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Bookshelf Travelling For Insane Times

The good lady is taking part in a meme, which originated with Reader in the Wilderness in the USA.

It’s not quite in the spirit of the meme but I thought I would give you a glimpse of some of my bookshelves over the next few weekends. (Monday counts for this.)

So these are the top four shelves of the bookcase where I keep those works of Scottish Fiction I have already read. (Unread books are kept elsewhere.) The bookcase was bought from IKEA and fitted well in our old house which had high ceilings. When we moved to Son of the Rock Acres we wondered where it could go. Not downstairs, not enough clearance. Upstairs though, the ceilings are three inches higher! The removal men were great at manœuvring it into place with so little margin for error. It now sits on the top corridor just outside my study. (You can’t always see the books so clearly, there’s usually more stuff placed in front of them. A few history books are still perched above some in the bottom row.)

Scottish Books 1

Scottish Books 2

Edited to add:- The meme was set up to include recommendations for reading. Well, on that note Lewis Grassic Gibbon is always worth it, most especially Sunset Song in the A Scots Quair trilogy. So too are Alasdair Gray, Iain Banks, Anne Donovan, Margaret Elphinstone, Andrew Crumey, Andrew Greig, James Robertson.

Persian Dawns, Egyptian Nights by Lewis Grassic Gibbon

Polygon, 1998, 274 p, plus vi p Introduction (The Other Grassic Gibbon) by Ian Campbell and 3p Foreword (Good Wine) by J D Beresford.

 Persian Dawns, Egyptian Nights  cover

This edition was published as by Lewis Grassic Gibbon but originally saw the light in 1932 under the author’s real name J Leslie Mitchell. It is divided into two sections.

Persian Dawns is a series of tales supposedly mediated (and commented on) by our author from archive manuscripts in the Monastery of Mevr, written by Neesan Nerses, a Nestorian bishop of the 1200s, stories he called the Polychronicon.
I The Lost Constituent is the tale of Islam’s greatest General, Mirza Malik Berkhu, who comes back to Baghdad after his latest triumph to be told by the Caliph to sequester himself. He spends the next ten years in pursuit of the secret of eternal youth but is rudely interrupted by the Mongols.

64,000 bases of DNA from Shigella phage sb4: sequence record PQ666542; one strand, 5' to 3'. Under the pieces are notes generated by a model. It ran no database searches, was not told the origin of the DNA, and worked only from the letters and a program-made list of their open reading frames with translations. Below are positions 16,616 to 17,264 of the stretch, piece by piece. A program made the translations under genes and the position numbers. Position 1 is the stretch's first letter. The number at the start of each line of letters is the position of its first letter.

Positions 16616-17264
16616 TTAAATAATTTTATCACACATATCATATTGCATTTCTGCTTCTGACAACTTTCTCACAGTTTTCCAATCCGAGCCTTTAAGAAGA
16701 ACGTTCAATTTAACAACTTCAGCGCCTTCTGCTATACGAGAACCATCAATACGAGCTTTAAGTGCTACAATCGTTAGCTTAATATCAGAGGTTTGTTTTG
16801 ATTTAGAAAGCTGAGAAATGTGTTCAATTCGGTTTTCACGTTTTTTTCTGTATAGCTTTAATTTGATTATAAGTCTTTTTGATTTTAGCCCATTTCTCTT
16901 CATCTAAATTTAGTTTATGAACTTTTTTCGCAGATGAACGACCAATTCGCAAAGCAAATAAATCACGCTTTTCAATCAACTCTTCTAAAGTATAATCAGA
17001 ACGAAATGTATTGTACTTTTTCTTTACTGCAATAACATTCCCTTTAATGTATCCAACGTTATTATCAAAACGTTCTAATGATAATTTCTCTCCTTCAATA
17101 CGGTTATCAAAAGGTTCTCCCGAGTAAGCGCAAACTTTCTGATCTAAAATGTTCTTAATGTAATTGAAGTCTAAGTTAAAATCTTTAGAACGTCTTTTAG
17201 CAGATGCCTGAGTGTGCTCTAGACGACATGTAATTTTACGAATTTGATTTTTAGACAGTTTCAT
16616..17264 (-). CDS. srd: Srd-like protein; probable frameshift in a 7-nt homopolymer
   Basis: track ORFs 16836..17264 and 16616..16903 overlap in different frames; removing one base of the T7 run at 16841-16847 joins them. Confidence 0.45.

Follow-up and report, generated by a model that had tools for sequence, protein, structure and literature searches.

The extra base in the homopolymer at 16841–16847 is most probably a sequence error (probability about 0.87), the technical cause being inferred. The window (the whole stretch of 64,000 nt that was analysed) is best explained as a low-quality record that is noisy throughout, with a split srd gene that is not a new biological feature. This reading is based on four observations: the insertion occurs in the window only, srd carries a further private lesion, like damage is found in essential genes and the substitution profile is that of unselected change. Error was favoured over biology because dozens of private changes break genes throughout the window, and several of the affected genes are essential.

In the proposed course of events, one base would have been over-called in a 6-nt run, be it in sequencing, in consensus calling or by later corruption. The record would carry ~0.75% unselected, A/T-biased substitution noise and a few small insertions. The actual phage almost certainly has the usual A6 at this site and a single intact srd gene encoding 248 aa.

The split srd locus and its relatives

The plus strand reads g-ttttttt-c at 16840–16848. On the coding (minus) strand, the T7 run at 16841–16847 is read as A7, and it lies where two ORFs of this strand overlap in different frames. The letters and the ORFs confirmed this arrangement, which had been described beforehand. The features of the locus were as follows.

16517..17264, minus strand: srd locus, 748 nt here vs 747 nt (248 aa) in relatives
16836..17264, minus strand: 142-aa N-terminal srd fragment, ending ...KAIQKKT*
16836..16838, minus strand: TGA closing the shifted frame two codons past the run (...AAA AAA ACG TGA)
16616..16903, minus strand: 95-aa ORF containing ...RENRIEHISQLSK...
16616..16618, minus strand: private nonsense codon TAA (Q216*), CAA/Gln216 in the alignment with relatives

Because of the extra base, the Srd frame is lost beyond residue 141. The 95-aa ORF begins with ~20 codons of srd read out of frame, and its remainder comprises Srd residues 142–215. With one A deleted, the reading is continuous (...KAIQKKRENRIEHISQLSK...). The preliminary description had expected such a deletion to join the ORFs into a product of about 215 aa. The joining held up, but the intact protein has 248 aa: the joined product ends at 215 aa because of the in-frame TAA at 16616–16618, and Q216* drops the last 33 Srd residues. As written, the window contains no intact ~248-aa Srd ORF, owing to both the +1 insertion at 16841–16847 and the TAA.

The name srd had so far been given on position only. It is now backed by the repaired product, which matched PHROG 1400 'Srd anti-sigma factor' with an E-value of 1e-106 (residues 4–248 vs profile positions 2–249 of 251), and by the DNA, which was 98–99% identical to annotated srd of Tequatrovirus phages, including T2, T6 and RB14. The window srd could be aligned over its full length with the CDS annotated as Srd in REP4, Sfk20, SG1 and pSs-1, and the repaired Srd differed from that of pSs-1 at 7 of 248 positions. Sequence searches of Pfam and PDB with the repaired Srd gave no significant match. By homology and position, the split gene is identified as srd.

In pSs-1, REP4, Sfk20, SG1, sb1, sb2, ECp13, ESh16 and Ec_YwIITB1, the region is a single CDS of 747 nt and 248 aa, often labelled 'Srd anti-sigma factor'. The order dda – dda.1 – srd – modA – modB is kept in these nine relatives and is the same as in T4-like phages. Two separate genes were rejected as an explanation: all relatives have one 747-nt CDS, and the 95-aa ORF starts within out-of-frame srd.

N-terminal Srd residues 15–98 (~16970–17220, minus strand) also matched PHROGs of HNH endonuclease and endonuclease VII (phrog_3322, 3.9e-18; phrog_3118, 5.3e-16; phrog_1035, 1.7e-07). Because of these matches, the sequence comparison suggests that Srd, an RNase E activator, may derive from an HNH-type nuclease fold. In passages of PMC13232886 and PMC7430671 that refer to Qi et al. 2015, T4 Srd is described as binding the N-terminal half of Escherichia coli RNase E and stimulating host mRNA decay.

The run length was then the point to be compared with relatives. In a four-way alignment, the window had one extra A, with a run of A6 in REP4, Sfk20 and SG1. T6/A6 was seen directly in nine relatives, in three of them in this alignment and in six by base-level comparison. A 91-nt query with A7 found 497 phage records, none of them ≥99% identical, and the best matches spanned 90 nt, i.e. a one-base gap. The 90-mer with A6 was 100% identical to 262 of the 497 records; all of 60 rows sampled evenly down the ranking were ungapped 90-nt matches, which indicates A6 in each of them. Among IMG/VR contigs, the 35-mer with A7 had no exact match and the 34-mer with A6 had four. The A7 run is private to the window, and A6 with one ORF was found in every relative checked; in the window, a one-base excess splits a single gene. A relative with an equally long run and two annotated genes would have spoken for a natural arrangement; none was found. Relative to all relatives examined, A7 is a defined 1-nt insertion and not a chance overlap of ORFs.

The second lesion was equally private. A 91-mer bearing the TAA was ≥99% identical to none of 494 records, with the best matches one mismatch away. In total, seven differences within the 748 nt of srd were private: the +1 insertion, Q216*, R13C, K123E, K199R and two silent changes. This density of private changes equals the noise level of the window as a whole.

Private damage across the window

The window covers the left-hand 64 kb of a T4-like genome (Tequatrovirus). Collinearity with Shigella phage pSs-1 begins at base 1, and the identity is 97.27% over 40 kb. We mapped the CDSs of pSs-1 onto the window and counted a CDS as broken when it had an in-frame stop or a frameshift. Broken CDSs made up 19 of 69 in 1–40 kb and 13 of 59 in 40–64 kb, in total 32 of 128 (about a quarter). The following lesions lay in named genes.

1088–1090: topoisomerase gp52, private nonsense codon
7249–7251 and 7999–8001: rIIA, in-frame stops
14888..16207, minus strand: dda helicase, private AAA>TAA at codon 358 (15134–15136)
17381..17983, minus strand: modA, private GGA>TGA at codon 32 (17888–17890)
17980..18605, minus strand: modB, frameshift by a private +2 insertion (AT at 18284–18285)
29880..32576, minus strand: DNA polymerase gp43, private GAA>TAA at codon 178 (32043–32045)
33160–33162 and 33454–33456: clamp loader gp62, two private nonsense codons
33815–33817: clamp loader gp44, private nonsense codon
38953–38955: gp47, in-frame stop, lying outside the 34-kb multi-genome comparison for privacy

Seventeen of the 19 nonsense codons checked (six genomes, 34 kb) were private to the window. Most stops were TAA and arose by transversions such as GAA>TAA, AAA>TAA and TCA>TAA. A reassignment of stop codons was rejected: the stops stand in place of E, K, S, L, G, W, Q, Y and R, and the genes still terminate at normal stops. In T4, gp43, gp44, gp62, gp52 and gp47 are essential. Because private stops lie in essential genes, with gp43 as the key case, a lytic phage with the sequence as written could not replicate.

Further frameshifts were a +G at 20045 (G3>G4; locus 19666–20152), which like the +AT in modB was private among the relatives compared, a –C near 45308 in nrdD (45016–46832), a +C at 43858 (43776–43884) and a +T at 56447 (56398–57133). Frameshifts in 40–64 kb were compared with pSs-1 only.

II The Lovers are two men, one a Christian mercenary, Hormizd, son of Bishop Nerses, saved from slaughter at the hands of the Mongols by the other, a chief of the Outer Horde, who is later imprisoned for his pains, but set free by Hormizd as the Mongols return home. Theirs is a complicated relationship but it endures.
III The Floods of Spring is again set after the sack of Baghdad. A deputation from a Christian village on the Euphrates comes to the bishop at Alarlu to ask for a priest as theirs had been killed. The bishop returns with them to rouse the villagers both from their torpor and from the influence of Zeia and Romi, two wanderers who had turned up in the Mongols’ aftermath, to rebuild the dams that the Mongols destroyed.
IV The Last Ogre lives in a cleft in the rocks in the mountains of the Kablurz Beg where the bishop’s daughter, Amima, effective manager of Alarlu while her father pores over his manuscripts, had gone hunting despite his refusal of permission. The Beg is said to be the haunt not only of wild animals but also strange mythical demons. Having lost her weapons and horse in an encounter with a lion Amima finds shelter with the creature, a last vestige of prehistoric times.
V Cartaphilus is a cyclic tale; of Baisan Evid, imprisoned in a lightless dungeon for consorting with the Caliph’s favourite, Miriam. He has a companion in the darkness, eventually revealed as Cartaphilus, the denier of Christ, Wandering Jew of Christian legend. On his release, fired with a desire to persuade Cartaphilus of Christ’s godhood and so precipitate the Second Coming, Evid roams the Middle-Eastern world in search of Cartaphilus, via the tomb of Doubting Thomas among other places, before returning to Baghdad and a different realisation.